Selecting celebrities for T+L’s back page column, My Favorite Place,
is no easy feat: we want to highlight notable people who have
interesting stories to share. That’s why we’re thrilled to bring you
director and screenwriter Jason Reitman on the back page of the January 2010 issue.
Many of you know Reitman as the director of Juno, and you’ll surely hear about his newest project, the film Up In The Air, based on the novel by T+L contributor Walter Kirn and starring George Clooney. (T+L hosted a special screening in New York this November.)
Before he started filming, Reitman visited airports around the country and stayed in numerous business hotels (in fact, Hilton was a partner on the film).
Full disclosure: I used to be a Radio City Rockette. And even though I retired a decade ago, this time of year always brings back memories of the start up of rehearsals and the build of excitement as kicking season approaches. I still like to check in on the ladies, just seven blocks up from our offices, and each year I am amazed that I was ever a part of that giant, glittery, moving entity that I always think of as a hyper-size, surreal, living version of a Hammacher Schlemmer music box.
Hello, hello! I'm at a place called Vertigo! I stumbled on these outtakes the other day from a shoot we did at the Park Hyatt in Shanghai. Gorgeous shots. Our man in China, Andrew Rowat, had this to say about his shots taken from the observation deck at the top:
He’s been called a mad scientist, a molecular gastronomist, a culinary genius, and the Best Chef in the World, but Ferran Adrià (with me, above) is mainly obsessed with Flavor with a capital F.
Last week, I was among the lucky 7,000 (out of 2 million reservation requests per year) to score a table at El Bulli on Spain’s Costa Brava. To call this the Meal of a Lifetime seems trite but on point: our six-hour dinner was like nothing I’d ever experienced before—or probably ever will again—yet it was delightfully entertaining and, for what seemed at times like a zany chemistry experiment, surprisingly delicious.
Don't miss my El Bulli slideshow--it's full of tips, must-know facts, and behind-the-scenes shots.
Niloufar Motamed is the features editor at Travel + Leisure.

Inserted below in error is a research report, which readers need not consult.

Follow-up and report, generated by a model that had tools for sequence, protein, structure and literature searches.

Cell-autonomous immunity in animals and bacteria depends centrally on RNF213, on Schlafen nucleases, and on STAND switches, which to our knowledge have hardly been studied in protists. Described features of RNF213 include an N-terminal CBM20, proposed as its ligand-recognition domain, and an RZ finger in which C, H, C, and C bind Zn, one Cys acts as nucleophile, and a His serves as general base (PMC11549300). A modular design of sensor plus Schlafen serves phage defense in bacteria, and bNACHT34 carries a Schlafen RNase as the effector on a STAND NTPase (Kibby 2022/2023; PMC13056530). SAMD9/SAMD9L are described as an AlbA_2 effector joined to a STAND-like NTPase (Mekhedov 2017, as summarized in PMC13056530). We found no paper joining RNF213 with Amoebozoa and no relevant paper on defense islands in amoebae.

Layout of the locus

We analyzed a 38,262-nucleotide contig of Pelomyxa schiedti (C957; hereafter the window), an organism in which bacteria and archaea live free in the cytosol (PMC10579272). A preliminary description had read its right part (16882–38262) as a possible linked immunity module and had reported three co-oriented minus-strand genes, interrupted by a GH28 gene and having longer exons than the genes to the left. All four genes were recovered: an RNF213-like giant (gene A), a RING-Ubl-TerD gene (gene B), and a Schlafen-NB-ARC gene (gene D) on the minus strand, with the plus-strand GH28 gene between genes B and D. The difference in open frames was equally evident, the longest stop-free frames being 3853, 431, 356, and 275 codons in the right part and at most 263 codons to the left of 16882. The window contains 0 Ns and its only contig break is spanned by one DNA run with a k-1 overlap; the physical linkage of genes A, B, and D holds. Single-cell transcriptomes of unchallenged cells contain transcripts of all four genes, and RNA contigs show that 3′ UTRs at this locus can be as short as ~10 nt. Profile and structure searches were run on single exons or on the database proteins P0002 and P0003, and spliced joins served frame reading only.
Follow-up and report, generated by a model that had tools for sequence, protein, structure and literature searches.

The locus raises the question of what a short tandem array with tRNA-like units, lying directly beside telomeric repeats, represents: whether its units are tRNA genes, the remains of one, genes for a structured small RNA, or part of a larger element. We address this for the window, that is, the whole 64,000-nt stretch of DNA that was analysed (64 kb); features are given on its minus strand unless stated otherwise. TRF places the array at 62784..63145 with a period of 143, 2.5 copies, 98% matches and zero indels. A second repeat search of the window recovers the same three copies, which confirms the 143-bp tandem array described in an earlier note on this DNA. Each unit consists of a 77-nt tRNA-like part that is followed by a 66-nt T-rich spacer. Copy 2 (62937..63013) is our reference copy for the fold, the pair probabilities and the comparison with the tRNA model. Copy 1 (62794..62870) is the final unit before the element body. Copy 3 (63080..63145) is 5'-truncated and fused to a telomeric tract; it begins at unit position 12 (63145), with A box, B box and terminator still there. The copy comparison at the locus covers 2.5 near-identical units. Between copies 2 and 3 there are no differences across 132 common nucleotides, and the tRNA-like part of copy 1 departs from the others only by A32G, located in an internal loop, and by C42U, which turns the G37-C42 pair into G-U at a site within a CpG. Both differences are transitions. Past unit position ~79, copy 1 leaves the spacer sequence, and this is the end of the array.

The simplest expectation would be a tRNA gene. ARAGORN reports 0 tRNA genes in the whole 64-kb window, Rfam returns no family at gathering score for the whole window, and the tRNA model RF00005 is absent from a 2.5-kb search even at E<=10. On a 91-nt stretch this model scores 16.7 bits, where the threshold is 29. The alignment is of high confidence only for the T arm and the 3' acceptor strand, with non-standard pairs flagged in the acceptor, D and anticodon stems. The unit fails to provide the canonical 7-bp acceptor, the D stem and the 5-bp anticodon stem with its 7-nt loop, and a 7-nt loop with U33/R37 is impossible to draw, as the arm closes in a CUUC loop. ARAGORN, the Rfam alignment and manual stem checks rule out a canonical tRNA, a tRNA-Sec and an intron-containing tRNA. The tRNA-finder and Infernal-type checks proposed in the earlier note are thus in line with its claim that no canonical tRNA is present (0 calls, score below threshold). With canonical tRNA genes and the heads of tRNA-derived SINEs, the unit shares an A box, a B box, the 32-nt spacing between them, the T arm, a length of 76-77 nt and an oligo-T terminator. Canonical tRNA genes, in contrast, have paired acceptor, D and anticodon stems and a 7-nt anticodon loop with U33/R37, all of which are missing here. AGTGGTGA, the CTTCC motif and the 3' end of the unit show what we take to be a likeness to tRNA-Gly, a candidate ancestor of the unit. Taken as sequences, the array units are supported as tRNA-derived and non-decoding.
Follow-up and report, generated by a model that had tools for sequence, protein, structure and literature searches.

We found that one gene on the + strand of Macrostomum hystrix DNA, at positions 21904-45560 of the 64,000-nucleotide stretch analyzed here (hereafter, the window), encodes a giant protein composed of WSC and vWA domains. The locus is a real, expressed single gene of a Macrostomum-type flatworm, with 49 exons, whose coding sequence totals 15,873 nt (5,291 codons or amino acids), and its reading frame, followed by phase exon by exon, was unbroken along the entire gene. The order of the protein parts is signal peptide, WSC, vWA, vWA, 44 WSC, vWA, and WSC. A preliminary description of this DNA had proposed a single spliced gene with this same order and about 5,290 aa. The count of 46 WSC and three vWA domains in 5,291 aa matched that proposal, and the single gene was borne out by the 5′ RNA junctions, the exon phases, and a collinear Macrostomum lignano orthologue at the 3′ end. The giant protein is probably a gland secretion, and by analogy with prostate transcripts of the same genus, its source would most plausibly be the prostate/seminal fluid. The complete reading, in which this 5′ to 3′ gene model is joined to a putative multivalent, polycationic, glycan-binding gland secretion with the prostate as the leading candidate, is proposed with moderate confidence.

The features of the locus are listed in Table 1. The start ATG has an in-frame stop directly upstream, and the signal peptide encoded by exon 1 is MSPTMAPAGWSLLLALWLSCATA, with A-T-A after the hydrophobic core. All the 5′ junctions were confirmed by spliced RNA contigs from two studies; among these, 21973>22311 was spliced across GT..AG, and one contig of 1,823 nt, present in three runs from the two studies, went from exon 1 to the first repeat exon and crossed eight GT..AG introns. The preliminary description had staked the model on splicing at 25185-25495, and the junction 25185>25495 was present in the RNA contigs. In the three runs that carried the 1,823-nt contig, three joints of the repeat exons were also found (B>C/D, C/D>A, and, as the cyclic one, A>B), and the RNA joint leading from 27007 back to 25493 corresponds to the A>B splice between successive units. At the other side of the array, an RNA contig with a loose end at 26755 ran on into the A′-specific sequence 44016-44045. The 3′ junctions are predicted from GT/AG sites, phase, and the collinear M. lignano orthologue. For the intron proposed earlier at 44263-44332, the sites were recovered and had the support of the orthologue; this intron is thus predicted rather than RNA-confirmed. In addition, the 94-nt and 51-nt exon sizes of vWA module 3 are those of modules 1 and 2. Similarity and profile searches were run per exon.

Photo by Peter Jon Lindberg
This was my third trip to Venice for Travel + Leisure magazine, and this time I came directly from the Paris fashion shows in order to save a trip across the Atlantic. Our crew—model, stylist, photographers—stayed at the Bauer Hotel in the center of town so we could easily reach all the locations our Italy correspondent, Valerie Waterhouse, covered in her April “T+L Guide to Venice.”
The first day of the shoot I was thrilled to see a new hotel in Valerie’s story called the Ca’ Sagredo. The beautifully restored monastery (think walls are covered with Renaissance art and crystal chandeliers dangling from the ceilings) has wonderful view of the Grand Canal and a grand stairway and drawing room, where we shot with the golden afternoon light. As usual, we had to keep a low profile and not disturb guests—which was tricky with all our equipment and clothing, but photo crews just forge quietly ahead.
Like with so many Venice spreads, it was imperative that we shoot in St. Mark’s Square—but the only way to avoid the crowds was to be ready to shoot at 6 a.m. Mary Wiles, the make-up and hair stylist and the model, Fabiane Nunes, were the first to get up and start working at the unfortunate hour of 5 a.m. I put Fabiane in a shirtdress from Hermes’ spring collection that I had just seen on the runway three days before. Off we went to bear the morning cold for as long as we could stand it, and as long as the light was right. After a freezing start in the square which included lots of pigeons—and huddling together for warmth—we stopped for breakfast at the Bauer.
Next we headed to a little square next to Venice’s opera house, Teatro La Fenice, where we did some shots of Fabiane, with the some waiters (from Ristorante al Teatro), sitting in the piazza looking very chic. Later we ate lunch at Vino Vino (cash only). My simple dish of pasta al pomodoro was divine, and the sun was shining down on us: it was a perfect day.
For dinner we wanted to find a place that only locals go. We set out with a map to find the concierge’s recommendation. We walked through foot wide alleyways, cobblestone streets, and little arched bridges that you only find in the fairytale city of Venice. At Taverna Del Campiello Remer, we sat at a long rustic wooden table and managed to order (no one spoke English there) a huge plate of prosciutto and parmigiano, family style. It was totally authentic—and just the experience we were looking for.
On the way back to the hotel we walked through St. Mark’s and heard an orchestra playing Chopin outside one of the restaurants in the square. Only in Venice.
Photos by Mimi Lombardo, fashion director for Travel + Leisure magazine.